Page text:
Artificial Intelligence (AI) for Technical Writers

Lead Writer: Caity Cronkhite | Peer Reviewer/s: Kieran Morgan | Expert Review: Derek Moeller | Managing Editor: Kieran Morgan

This chapter examines the significant impact of artificial intelligence (AI) and large language models like ChatGPT on technical writing. It highlights AI’s role in enhancing productivity by aiding in routine writing tasks and discusses its limitations in handling novel concepts. The chapter covers AI terminologies, its integration into writing processes, the importance of security and privacy in professional settings, and the role of technical writers in producing original, user-centric content.

Audience Icon Who Should Read This
• Aspiring Technical Writers
• Beginner Technical Writers
• Career Advancers
• Managers of Technical Writers
• Cross-Domain Professionals
• Consultants
Table of Contents: Technical Writing Process
Previous: Chapter 6: Career Flexibility in Technical WritingNext: Chapter 9: Collect Information

1. Introduction

In late 2022, OpenAI released the first publicly available version of ChatGPT, an interface to a large language model (LLM) designed to generate human-like text. Very quickly, this groundbreaking technology took the world by storm. In a matter of weeks, more than one million people downloaded ChatGPT, making it the “fastest-growing user application in history,” according to research.1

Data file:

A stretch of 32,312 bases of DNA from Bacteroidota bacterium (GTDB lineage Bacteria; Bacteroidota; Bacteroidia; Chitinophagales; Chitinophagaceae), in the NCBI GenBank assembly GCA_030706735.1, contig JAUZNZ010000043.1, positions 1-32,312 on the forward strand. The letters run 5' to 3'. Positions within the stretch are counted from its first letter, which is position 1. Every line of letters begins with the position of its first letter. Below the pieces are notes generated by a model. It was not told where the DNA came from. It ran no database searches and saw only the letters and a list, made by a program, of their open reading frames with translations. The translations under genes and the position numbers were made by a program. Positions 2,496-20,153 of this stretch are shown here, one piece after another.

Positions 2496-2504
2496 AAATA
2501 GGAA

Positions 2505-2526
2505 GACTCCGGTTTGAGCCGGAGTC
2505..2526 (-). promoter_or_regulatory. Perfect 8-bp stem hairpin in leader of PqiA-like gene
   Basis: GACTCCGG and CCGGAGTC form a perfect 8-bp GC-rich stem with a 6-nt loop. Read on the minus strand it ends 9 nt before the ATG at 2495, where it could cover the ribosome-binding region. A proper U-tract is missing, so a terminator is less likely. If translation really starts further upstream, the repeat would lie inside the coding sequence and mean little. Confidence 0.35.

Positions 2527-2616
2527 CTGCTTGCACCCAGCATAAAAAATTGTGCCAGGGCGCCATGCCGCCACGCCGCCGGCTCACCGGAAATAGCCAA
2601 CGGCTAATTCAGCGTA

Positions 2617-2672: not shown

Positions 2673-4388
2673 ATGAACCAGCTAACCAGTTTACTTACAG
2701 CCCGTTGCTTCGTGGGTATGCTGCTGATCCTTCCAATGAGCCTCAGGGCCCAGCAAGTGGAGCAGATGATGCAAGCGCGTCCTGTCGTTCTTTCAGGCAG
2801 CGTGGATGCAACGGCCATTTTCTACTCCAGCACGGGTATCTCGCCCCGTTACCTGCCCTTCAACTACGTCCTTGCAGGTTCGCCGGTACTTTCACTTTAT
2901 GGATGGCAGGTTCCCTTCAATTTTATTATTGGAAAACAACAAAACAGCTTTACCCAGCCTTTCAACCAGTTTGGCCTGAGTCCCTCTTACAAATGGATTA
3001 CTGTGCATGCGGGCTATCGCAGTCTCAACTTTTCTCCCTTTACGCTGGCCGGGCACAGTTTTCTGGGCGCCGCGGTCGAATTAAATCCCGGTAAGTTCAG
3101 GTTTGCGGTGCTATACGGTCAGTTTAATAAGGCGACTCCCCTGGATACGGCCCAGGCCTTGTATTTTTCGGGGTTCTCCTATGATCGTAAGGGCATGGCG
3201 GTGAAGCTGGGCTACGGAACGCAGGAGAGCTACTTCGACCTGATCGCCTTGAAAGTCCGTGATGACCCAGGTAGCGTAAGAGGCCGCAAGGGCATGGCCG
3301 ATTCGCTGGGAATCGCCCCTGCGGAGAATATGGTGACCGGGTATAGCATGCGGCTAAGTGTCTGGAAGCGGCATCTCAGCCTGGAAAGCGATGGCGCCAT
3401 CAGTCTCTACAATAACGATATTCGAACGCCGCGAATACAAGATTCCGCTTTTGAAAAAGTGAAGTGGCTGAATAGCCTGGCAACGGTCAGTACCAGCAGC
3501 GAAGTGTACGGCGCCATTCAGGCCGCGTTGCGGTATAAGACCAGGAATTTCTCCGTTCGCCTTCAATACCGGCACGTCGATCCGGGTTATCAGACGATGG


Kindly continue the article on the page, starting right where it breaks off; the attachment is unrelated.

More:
Recent advances in artificial intelligence technology, particularly in large language models, have enormous implications for writers and communicators of all kinds. Humans are already leveraging artificial intelligence to write outlines, academic papers, blog posts, journalistic articles, and even full-length books. What impact, then, can we expect it to have on our roles and careers as technical writers?

In this chapter, we demystify some fundamental concepts of artificial intelligence and terminology. Through a worked example, we demonstrate how useful ChatGPT can be in streamlining typical writing tasks. For those wishing to explore more advanced uses, such as understanding the tool’s limitations, finding solutions to typical issues, and applying ChatGPT to numerous other technical writing scenarios, we recommend our comprehensive resource: ChatGPT Prompt Library for Technical Writers.

Artificial intelligence isn’t just a disruptive fad. When leveraged skillfully, it can be a powerful tool to boost productivity, eliminate the drudgery of some repetitive tasks, and increase your own efficiency as a technical writer.

2. [Theory] What Is a Large Language Model (LLM) and How Does It Work?